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DuPage County family lawyerMany people grow up hearing from family members, teachers, and others that they need a college education in order to have a career, earn a good living, and provide for their future. However, according to a recent study, a college education may also mean a better chance of having a successful marriage—especially for women.

Marriage and Divorce Statistics for College-Educated Couples

Approximately half of first-time marriages in the United States last for about 20 years. A study conducted by the National Center for Health Statistics found that women who have a college degree have an 80 percent chance of staying married beyond that 20-year mark. The researchers used data collected through surveys and interviews to predict the probability of marriage success, much in the same way that researchers use data to predict life expectancy statistics. The data included men and women who were between the ages of 15 to 44 during the years 2006 through 2010.

Differences Between Women and Men

The overall percentage of women’s first marriages lasting at least 20 years was 52 percent. For women who had obtained their bachelor’s degrees, that percentage jumped to 78 percent. Women who had attended college but not acquired their degree had a 49 percent chance of their first marriage lasting at least two decades. Women who had a high school education or less had a 40 percent chance of a 20-year marriage.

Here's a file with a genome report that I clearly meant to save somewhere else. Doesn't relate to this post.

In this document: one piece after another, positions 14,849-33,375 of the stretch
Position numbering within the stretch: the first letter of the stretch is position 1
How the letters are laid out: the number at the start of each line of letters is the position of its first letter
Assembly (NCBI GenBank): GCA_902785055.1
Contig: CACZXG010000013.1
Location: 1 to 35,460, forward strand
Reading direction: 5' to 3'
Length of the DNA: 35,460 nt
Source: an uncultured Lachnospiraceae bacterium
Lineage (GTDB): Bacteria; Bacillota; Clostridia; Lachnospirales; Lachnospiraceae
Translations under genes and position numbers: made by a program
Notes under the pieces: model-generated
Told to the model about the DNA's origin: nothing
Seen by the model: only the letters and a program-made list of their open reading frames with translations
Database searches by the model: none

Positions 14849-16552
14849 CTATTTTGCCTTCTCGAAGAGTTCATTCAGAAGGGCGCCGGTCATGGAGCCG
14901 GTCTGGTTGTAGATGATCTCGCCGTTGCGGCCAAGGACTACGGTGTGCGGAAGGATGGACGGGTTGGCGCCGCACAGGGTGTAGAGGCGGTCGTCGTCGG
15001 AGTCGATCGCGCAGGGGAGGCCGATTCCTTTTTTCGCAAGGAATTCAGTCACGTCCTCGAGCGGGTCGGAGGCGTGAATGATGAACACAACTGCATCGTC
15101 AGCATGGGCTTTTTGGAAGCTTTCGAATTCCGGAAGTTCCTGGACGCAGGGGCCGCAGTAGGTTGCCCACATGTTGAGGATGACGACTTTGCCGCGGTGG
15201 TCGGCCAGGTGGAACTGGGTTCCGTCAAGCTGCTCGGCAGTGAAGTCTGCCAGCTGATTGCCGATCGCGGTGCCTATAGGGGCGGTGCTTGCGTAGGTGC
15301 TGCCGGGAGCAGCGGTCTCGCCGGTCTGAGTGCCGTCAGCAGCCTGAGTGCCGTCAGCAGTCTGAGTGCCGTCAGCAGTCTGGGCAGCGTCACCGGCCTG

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DuPage County cohabitation agreement attorneyFor generations, the majority of young men and women had the goal of meeting someone, getting married, and raising a family. However, statistics reveal that for many, that goal has changed a bit. Many people today are choosing not to get married, but this choice is not necessarily keeping them from trying to build a life with that “special someone.” But, what happens when a live-in romantic relationship starts to fall apart? A qualified family lawyer can help you come up with some ways to protect yourself.

Cohabitation Statistics in the U.S.

A study conducted by the Pew Research Center revealed that among American adults between the ages of 18 and 44, a larger share (59 percent) have moved in with a romantic partner at some point in their lives than have been married (50 percent). More than a third of adults (35 percent) have been in both types of relationships.

There are several common reasons cited why people choose not to get married, with one of the major ones being financial. Many people want to be financially stable before walking down the aisle. This delay in marriage has led to a huge increase in the number of couples who choose to live together, also referred to as cohabiting. In the past 50 years, the number of couples who choose to share a home either before or instead of marriage has grown by 900 percent. According to the U.S. Census Bureau, almost 8 million couples cohabitate. Twenty years ago, that number was just under 3 million.